China on Tuesday executed its former chief food and drug regulator for taking bribes to approve medicines, in an apparently draconian warning to other officials after a series of scandals about the quality of Chinese products.
The execution of Zheng Xiaoyu, 62, was confirmed by state media after the Supreme People’s Court approved the death sentence on charges that he took Rmb6.5m ($855,094) in bribes from eight pharmaceuticals companies. Mr Zheng is the most senior central government official to be executed since 2000 and the harsh penalty and swift enforcement, after an initial trial in May, underlines mounting government concern about the scandals that have damaged the reputation of Chinese products.
Mr Zheng was accused of approving the sale of six medicines that turned out to be fakes during his seven-year tenure as head of the State Food and Drugs Administration. In one case, a gallbladder medicine containing the wrong ingredients is believed to have led to the deaths of at least five people.
A SFDA spokeswoman said the scandals underlined the weak institutional apparatus in China to monitor the quality of products such as food and medicine.
“China is a developing country and our supervision of food and drugs started late and our foundation for this work is weak,” said Yan Jiangying. “Therefore we cannot be too optimistic about the food and drug safety situation.” The government is rotating officials in key posts to prevent them from becoming too close to companies, she said.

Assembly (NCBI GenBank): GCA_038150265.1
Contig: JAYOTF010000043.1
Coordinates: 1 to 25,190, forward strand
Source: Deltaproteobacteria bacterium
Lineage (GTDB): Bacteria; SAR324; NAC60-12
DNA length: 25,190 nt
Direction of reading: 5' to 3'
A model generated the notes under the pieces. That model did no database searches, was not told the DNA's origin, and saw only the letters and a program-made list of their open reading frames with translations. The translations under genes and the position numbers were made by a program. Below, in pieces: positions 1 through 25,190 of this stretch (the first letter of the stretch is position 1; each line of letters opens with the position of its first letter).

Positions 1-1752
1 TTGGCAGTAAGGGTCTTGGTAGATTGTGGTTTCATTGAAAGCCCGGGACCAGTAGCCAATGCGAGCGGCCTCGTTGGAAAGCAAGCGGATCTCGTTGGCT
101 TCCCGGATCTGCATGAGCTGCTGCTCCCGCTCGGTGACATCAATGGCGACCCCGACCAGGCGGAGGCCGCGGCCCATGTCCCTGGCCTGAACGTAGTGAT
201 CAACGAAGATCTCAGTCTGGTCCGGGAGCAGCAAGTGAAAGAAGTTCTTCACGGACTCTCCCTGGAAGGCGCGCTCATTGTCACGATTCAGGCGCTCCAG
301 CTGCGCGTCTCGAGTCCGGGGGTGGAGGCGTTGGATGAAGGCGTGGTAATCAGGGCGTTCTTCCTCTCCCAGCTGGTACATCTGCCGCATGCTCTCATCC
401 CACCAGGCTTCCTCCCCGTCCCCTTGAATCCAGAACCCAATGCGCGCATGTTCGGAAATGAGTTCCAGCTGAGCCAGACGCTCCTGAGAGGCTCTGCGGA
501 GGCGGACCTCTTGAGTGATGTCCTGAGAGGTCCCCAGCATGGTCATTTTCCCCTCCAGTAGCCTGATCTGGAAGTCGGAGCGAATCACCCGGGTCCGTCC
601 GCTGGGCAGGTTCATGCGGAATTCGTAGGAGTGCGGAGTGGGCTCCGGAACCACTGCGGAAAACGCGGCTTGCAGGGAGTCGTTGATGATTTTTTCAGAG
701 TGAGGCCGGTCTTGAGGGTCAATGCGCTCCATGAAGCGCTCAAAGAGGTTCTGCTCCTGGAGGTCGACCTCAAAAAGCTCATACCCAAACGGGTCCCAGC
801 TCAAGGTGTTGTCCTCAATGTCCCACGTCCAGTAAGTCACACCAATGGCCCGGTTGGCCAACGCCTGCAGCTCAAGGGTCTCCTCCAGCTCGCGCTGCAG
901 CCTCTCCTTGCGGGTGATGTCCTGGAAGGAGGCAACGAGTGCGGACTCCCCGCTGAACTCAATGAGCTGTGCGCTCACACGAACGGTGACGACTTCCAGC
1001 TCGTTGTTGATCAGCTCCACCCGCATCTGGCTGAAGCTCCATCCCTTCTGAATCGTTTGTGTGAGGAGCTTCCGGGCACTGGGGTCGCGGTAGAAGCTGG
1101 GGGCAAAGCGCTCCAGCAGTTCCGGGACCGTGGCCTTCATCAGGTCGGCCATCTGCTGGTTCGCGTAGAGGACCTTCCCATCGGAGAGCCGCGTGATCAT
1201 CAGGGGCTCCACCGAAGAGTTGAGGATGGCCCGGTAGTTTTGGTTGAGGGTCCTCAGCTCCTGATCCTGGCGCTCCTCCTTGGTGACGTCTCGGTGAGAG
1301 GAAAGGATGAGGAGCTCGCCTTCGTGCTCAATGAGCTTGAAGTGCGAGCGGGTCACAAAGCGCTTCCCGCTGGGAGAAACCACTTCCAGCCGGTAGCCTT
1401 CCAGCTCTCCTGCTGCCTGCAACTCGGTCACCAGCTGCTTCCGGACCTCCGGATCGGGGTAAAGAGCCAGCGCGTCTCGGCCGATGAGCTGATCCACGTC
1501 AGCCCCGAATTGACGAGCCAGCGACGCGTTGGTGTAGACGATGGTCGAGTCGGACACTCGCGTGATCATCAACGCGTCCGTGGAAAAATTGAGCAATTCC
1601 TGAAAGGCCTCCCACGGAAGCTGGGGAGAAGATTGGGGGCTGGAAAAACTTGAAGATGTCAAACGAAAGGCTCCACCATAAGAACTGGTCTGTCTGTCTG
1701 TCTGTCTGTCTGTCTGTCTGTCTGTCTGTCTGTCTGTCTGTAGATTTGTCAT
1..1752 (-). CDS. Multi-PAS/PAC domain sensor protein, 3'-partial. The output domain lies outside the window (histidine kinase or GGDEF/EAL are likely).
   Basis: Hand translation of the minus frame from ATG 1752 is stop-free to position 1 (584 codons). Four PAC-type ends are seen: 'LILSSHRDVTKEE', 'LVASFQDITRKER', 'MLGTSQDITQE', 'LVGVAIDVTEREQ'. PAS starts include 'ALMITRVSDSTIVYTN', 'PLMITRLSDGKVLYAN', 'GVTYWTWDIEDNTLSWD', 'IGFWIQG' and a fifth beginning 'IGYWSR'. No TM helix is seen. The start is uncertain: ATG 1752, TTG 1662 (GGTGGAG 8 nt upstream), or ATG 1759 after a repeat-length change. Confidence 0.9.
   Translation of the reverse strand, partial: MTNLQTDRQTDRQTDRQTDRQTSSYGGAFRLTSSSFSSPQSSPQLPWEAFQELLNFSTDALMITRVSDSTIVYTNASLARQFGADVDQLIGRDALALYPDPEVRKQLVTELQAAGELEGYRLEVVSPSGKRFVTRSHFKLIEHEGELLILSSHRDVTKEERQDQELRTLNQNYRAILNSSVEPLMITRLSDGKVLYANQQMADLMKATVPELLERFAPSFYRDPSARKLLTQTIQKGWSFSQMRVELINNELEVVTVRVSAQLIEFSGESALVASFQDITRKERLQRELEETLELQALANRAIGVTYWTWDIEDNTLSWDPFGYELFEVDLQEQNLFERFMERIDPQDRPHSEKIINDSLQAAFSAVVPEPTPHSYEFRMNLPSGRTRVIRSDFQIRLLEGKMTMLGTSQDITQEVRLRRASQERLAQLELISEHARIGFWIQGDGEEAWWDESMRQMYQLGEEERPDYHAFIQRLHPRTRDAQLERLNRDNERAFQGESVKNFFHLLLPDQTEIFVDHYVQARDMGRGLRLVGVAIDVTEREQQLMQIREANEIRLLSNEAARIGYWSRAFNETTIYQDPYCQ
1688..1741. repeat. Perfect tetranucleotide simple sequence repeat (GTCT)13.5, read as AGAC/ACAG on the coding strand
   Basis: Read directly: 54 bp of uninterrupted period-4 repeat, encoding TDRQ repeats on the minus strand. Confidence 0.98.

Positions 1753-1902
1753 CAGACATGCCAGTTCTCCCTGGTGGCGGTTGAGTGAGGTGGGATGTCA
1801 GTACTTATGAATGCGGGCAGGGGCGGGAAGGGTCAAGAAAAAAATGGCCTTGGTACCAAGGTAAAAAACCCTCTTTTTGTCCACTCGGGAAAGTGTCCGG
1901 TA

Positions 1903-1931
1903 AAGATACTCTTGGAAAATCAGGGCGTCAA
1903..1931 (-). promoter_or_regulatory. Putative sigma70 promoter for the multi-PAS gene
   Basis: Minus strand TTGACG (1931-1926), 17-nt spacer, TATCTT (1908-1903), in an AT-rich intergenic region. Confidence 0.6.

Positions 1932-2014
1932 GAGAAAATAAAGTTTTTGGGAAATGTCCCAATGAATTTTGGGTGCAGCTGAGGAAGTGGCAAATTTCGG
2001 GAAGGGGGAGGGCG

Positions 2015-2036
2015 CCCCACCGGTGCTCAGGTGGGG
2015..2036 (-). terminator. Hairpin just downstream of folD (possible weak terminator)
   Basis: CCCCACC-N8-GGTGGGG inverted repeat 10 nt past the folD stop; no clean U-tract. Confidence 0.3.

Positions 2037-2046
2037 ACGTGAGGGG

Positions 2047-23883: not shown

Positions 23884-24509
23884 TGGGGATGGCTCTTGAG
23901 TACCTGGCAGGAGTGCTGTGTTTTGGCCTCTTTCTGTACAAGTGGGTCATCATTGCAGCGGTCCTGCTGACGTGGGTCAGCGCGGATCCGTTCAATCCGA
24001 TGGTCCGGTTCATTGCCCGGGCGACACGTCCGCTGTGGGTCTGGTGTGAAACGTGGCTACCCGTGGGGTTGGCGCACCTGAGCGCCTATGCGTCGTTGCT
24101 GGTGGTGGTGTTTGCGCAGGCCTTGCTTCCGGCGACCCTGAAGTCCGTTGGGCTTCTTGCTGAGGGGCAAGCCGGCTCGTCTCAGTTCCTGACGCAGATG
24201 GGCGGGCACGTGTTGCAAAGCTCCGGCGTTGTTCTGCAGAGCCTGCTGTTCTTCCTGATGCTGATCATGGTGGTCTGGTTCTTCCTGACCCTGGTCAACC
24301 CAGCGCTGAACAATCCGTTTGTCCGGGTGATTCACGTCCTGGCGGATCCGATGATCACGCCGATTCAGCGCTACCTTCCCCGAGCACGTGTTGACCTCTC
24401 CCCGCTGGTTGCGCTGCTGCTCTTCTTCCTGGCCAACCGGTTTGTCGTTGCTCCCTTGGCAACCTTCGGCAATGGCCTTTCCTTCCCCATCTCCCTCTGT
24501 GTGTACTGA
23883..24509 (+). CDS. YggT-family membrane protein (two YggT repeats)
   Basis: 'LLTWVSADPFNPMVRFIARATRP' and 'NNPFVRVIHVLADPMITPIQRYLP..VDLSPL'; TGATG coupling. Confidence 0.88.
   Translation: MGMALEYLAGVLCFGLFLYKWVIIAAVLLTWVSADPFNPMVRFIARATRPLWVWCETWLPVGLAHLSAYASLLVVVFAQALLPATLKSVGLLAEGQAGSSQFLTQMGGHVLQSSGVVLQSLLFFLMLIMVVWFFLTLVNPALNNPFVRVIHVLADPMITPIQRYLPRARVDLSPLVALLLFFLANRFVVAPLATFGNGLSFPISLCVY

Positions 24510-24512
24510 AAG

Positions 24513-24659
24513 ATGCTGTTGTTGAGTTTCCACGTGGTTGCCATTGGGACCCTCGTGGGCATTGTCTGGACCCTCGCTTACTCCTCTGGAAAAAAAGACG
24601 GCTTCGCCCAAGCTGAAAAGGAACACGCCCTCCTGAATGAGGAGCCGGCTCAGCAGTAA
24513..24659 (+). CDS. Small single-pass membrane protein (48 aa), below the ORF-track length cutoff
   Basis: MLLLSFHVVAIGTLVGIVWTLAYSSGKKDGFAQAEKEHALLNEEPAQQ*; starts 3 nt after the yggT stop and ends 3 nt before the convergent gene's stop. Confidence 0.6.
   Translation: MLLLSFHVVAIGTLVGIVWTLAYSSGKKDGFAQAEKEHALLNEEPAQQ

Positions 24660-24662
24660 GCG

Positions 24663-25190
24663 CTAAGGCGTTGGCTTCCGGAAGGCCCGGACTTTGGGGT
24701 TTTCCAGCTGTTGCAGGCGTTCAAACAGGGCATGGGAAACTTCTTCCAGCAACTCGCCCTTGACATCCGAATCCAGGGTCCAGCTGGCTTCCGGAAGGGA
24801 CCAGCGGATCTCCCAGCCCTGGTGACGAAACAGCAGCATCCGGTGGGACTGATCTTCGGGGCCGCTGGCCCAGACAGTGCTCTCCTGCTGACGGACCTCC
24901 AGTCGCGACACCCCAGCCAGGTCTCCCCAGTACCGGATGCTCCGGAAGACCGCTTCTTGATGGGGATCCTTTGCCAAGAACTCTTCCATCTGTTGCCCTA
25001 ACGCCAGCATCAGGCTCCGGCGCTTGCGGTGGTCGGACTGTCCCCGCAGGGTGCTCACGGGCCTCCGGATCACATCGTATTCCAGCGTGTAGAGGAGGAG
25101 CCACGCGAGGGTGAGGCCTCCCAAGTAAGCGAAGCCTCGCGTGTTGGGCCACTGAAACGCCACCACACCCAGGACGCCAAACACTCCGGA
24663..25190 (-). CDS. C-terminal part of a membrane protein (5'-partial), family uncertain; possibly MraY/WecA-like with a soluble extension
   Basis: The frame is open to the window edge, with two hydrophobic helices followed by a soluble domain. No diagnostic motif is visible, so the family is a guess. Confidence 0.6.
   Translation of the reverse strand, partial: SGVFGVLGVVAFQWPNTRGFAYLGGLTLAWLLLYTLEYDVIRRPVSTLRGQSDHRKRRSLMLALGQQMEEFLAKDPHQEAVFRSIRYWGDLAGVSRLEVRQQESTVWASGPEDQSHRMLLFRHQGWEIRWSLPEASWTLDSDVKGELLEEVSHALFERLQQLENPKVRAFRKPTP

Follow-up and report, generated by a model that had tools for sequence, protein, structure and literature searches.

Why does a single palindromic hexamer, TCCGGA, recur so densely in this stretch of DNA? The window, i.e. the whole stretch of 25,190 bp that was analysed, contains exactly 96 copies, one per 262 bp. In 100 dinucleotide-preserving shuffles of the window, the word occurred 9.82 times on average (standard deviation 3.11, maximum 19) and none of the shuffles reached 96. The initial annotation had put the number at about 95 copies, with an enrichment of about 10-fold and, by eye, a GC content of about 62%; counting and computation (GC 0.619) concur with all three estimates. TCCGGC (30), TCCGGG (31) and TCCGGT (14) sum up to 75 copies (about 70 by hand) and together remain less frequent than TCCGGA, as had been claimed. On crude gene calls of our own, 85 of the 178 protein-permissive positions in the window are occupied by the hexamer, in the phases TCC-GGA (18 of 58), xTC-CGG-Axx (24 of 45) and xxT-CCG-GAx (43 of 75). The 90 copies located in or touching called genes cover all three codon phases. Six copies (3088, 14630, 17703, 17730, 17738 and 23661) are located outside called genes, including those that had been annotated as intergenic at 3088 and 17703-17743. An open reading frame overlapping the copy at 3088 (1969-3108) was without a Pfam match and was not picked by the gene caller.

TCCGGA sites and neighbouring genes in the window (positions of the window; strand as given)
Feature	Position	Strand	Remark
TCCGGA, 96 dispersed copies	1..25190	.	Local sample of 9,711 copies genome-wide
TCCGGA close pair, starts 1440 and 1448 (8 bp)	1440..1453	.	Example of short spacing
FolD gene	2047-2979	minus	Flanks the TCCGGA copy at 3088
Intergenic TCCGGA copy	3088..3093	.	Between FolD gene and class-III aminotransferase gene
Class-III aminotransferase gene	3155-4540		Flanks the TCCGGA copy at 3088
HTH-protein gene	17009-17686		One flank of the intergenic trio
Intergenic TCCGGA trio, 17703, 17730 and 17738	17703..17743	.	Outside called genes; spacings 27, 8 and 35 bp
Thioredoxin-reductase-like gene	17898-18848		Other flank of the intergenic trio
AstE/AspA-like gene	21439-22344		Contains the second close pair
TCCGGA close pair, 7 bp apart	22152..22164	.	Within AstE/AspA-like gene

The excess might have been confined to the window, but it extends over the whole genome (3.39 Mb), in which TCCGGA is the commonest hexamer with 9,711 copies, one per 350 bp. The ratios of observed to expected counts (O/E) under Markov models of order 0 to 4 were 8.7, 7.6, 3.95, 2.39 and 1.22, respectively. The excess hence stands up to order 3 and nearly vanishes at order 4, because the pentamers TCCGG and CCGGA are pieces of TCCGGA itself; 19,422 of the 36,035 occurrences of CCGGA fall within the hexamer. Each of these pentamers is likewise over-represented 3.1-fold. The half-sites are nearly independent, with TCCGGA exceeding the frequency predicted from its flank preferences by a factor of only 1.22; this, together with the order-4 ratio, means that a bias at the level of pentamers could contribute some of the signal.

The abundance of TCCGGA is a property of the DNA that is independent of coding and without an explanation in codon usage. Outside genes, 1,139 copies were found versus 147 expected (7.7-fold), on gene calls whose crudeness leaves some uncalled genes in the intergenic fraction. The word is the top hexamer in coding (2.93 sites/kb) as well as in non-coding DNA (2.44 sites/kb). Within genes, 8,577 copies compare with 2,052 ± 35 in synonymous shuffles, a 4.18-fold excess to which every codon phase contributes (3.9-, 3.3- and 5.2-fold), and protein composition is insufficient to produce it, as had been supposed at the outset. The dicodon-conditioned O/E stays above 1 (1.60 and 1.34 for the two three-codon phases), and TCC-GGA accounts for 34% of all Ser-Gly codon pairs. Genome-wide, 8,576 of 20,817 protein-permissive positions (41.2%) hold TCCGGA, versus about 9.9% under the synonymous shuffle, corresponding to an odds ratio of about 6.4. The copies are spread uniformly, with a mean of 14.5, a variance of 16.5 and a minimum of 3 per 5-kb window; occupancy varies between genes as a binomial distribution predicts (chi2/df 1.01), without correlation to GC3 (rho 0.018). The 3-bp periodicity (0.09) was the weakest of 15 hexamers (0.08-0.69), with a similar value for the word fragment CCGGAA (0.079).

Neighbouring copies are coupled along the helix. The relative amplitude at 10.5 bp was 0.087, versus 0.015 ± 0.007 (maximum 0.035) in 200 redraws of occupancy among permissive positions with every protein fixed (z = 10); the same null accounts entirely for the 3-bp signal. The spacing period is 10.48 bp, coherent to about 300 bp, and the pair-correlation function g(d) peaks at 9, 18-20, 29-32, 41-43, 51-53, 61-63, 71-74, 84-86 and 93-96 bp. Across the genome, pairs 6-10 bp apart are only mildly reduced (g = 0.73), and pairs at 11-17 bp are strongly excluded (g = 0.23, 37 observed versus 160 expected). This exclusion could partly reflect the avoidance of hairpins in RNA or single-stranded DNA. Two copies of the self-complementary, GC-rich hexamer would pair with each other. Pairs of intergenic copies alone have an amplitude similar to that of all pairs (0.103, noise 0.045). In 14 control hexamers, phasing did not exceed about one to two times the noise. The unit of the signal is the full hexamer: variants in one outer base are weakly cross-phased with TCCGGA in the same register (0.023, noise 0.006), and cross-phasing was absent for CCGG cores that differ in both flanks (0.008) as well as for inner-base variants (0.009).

In addition to the cases of fake medicines connected to Mr Zheng’s trial, China has witnessed a series of product safety scares in recent years including a cancer-causing dye used to colour egg yolks, fake milk powder that resulted in the deaths of several babies, and pork that contained banned additives.
The prosecution of Mr Zheng has also coincided with safety problems with Chinese products in the US, including pet food that contained an industrial chemical, toys covered in lead paint, and tires that lacked an important safety feature. Meanwhile, Spain withdrew two leading brands of Chinese-made toothpaste because of a risk to public health, the European Commission said.
A former senior aide to Mr Zheng, Cao Wenzhuang, was also sentenced to death for his role in the bribery allegations involving his former boss, but he was given a two-year reprieve. Lawyers said that in most such cases the sentence was reduced at a later date.